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Nutrition during Infancy. Stages of infancy Physiological changes Charting growth Feeding infants: Formulas : types, concerns Feeding schedules Introduction of solid food Division of Feeding Responsibility Feeding concerns Eating Pattern Messages. Glossary.

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Nutrition during infancy
Nutrition during Infancy

  • Stages of infancy

  • Physiological changes

    • Charting growth

  • Feeding infants:

    • Formulas: types, concerns

    • Feeding schedules

    • Introduction of solid food

    • Division of Feeding Responsibility

    • Feeding concerns

  • Eating Pattern Messages


Glossary
Glossary

  • Lactase = digestive enzyme that breaks lactose into glucose and galactose

  • ADH = antidiuretic hormone (vasopressin), produced by pituitary gland

  • Renal solute load = amount of nitrogen, sodium, potassium, phosphorus, chloride kidneys must filter

  • Bioavailability = amount of a dietary nutrient that is actually digested/absorbed


Stages of infancy
Stages of Infancy

  • Prenatal

  • Perinatal

    • Neonatal

  • Postneonatal

one year

Conception

Birth

Infancy

Prenatal

Neo-natal

Perinatal


Physiological changes during infancy
Physiological Changes during Infancy


Anthropometrics
Anthropometrics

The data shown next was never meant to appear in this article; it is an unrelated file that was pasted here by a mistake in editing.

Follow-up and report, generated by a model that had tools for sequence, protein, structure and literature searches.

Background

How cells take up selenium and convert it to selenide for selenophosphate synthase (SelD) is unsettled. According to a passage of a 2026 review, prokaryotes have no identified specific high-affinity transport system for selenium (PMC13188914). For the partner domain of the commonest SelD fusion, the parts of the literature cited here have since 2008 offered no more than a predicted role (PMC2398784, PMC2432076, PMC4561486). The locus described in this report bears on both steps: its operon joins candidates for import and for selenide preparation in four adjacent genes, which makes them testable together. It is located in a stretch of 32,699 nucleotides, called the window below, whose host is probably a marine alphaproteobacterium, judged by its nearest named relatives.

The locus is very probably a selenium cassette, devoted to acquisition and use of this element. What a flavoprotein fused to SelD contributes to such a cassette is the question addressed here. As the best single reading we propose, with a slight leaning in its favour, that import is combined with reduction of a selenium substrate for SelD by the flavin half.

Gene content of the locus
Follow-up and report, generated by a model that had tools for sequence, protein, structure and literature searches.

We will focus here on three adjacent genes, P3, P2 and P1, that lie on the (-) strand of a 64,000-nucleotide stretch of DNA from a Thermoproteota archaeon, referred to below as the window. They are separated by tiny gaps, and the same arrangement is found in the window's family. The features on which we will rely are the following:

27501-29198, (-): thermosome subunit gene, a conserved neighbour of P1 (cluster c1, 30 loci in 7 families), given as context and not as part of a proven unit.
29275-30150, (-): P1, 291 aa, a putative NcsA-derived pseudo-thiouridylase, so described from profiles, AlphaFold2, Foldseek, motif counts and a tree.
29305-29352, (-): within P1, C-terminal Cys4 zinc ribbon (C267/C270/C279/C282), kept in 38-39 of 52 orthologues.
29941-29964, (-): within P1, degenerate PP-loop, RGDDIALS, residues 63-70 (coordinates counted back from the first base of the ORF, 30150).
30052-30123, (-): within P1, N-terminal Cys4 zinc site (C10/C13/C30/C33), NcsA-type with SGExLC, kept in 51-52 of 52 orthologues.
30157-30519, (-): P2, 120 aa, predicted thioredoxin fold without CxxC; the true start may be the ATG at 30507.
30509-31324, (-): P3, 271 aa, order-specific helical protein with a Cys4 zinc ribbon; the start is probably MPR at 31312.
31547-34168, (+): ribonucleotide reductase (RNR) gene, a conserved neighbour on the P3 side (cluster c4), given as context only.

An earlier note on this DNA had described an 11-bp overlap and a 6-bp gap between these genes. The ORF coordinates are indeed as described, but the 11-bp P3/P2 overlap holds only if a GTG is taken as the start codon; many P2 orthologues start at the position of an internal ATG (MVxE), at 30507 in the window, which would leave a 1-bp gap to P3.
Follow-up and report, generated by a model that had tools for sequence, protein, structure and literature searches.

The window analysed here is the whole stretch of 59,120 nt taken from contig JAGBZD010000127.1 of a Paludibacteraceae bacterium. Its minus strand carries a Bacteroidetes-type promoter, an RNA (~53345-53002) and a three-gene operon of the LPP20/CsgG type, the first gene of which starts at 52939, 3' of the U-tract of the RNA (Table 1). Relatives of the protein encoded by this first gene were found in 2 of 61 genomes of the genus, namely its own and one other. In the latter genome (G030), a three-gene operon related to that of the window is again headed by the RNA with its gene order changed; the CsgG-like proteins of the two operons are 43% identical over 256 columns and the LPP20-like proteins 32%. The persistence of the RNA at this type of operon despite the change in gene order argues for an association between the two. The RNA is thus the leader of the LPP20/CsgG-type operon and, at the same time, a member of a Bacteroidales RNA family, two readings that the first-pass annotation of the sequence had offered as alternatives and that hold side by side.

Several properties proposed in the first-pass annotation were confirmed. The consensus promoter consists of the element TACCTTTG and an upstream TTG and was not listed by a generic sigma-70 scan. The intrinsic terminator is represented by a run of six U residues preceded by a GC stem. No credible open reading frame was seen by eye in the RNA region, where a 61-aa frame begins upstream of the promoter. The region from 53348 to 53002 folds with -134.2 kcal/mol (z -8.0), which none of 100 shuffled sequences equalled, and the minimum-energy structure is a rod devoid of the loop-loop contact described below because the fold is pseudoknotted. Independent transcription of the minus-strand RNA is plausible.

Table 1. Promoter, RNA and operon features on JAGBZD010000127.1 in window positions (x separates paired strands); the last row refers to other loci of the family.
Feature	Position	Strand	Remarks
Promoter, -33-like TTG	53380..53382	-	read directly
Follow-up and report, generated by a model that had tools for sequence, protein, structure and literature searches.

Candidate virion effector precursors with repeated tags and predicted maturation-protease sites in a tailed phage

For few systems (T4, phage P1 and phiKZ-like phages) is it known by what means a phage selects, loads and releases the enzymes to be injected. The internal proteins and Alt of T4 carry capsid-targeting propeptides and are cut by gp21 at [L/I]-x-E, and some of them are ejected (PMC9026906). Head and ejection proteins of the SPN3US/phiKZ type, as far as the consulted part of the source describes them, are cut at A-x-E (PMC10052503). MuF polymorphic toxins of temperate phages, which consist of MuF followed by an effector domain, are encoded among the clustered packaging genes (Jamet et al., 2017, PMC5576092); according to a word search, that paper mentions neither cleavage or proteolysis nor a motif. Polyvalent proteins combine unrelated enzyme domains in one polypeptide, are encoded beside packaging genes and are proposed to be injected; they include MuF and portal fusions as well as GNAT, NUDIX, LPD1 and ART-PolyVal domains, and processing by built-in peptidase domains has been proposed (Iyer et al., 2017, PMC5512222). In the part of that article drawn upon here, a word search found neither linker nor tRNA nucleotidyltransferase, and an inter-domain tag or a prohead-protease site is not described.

• Weight

    • immediate loss of 6-10% body weight not uncommon

    • ______ birth weight by _____

    • ______ birth weight by _____

    • gain is rapid but

  • Length

    • increases ____ by ______

    • can “catch-up” or “lag-down”

  • Body __________

  • Body __________!


Gi tract
GI tract

  • Immature; Stomach is small

    • ______ capacity

    • empties in _____ hours

    • so

  • Nutrient digestion/ absorption

    • 100% ready for _____

    • least ready for ______

    • ____depends on


Kidneys immature
Kidneys: Immature

  • unable to

    • renal solute load determined by ________

      _____________________ concentrations

    • risk of __________

  • by ______: able to regulate ____________ via ADH

  • by __________:

    renal tubules mature


Cdc growth charts
CDC Growth Charts

  • Developed by National Center for Health Statistics, 1977

  • Based on _______ data

  • Two sets:


Cdc growth charts revised 2000
CDC Growth Charts: Revised 2000

  • based on _______________ infants